July 25, 2011

First Impressions of Iqaluit

I've just returned from a week and a half in Iqaluit, Baffin Island, Nunavut, Canada. It's the capital of Canada's territory of Nunavut, with a population of only 8 thousand. It's below the arctic circle, barely, at about the same latitude as Reykjavík, Iceland. While I was there, there was continuous light from 2am to midnight every day, temperatures ranged from 5 to 20 °C (41 to 68 °F), and there were still patches of snow and ice at the bottom of north-facing cliffs.

The first thing a southerner notices when stepping out onto the tundra is the complete lack of trees, bushes, or any other sort of vegetation more than 10cm high. This is not to say that the terrain is flat or uninteresting. Baffin Island is a rocky and rugged place, with boulders, bedrock outcrops, hills, and cliffs everywhere you look. The melting snow during the spring and summer causes streams and lakes to form almost everywhere, and wherever there's water, there's tundra vegetation. Despite all the plants hugging the ground, there's an incredible profusion of vegetation forming the tundra: lichens, mosses, grasses, dozens of flowering plants, dwarf shrubs and trees, and even mushrooms, all woven together into a thick, spongy mat that covers every low spot on the ground, from the valley bottoms to small hollows on bare rock. In places, the stuff is meters thick, and has completely overgrown sizable waterways, concealing them so well that one can walk across some of them without seeing anything.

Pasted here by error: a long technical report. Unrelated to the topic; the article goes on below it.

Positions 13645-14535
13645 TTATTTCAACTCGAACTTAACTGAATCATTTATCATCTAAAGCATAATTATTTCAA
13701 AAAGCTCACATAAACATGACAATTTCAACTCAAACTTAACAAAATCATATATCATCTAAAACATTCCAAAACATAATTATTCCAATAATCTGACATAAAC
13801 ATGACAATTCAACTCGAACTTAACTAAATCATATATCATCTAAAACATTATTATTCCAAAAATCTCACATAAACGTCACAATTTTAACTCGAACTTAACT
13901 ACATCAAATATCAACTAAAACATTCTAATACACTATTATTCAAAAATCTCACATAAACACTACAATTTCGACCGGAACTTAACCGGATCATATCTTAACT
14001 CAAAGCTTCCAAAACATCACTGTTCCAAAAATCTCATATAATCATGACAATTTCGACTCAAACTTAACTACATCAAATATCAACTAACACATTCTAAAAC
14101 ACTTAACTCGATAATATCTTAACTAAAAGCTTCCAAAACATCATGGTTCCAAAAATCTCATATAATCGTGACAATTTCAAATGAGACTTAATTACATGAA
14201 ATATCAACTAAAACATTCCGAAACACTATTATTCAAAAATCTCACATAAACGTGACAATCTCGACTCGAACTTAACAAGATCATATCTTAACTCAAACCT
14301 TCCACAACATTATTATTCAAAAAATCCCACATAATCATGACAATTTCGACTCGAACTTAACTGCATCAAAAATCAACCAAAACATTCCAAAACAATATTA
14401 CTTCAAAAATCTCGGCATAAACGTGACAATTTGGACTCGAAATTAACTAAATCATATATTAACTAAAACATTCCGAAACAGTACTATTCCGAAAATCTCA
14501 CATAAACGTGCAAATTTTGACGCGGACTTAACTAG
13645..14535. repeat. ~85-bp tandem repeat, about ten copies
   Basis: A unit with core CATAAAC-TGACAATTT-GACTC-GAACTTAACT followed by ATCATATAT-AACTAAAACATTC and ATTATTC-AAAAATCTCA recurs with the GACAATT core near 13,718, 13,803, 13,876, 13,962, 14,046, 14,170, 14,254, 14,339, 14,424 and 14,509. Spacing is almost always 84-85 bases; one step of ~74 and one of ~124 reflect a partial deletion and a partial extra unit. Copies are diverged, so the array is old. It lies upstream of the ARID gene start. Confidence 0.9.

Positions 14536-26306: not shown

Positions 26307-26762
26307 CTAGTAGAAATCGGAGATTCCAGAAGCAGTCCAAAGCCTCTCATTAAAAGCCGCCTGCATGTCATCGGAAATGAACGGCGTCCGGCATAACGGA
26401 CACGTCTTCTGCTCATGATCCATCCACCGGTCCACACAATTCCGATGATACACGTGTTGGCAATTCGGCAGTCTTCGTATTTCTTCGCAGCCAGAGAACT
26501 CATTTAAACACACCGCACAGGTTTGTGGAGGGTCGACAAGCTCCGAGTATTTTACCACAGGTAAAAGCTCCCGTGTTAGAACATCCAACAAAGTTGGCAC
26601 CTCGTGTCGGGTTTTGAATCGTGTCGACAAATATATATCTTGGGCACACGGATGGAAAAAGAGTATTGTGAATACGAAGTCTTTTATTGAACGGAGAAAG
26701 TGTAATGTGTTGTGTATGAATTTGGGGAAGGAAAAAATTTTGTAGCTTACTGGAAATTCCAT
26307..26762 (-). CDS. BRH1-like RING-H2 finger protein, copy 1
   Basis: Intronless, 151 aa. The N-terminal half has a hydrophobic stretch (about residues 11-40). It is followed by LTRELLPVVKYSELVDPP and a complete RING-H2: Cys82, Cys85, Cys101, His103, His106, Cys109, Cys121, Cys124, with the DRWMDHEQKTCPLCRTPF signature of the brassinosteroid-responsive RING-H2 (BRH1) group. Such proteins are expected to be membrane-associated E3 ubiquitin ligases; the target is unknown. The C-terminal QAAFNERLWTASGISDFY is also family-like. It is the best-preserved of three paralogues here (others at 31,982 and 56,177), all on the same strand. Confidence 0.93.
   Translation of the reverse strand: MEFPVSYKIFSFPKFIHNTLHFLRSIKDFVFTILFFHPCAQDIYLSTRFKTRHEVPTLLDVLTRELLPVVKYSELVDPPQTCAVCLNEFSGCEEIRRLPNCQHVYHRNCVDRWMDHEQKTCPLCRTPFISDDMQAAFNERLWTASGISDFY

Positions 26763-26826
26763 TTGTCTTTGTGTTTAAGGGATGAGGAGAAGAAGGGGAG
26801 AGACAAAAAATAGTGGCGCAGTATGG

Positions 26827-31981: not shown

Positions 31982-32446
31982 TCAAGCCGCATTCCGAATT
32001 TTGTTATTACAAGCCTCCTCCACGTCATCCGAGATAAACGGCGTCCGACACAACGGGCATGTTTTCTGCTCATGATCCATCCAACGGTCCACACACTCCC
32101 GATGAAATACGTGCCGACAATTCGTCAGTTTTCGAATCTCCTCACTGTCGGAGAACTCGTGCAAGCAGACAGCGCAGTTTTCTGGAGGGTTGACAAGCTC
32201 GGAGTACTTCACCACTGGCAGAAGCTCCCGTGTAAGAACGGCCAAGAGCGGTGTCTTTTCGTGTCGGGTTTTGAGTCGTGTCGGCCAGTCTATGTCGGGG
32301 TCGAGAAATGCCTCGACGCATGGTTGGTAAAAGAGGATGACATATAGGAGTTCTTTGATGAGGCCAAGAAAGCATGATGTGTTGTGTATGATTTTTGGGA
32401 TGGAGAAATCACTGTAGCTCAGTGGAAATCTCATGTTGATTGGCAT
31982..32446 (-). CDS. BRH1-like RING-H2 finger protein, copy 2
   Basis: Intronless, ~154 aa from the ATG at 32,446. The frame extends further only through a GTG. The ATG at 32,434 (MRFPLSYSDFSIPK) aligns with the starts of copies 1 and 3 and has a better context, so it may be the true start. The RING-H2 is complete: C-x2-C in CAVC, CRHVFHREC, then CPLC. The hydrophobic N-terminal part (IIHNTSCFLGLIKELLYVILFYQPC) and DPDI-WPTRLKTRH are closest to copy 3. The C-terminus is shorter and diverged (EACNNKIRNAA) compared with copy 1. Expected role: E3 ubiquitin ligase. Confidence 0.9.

Away from town, it was incredibly quiet. I could easily hear those concealed streams burbling away beneath the tundra, and on several occasions I heard a faint swishing sound, looked around, and saw a raven gliding by. I had been hearing the sound of the air ruffling the feathers at the tips of their wings.


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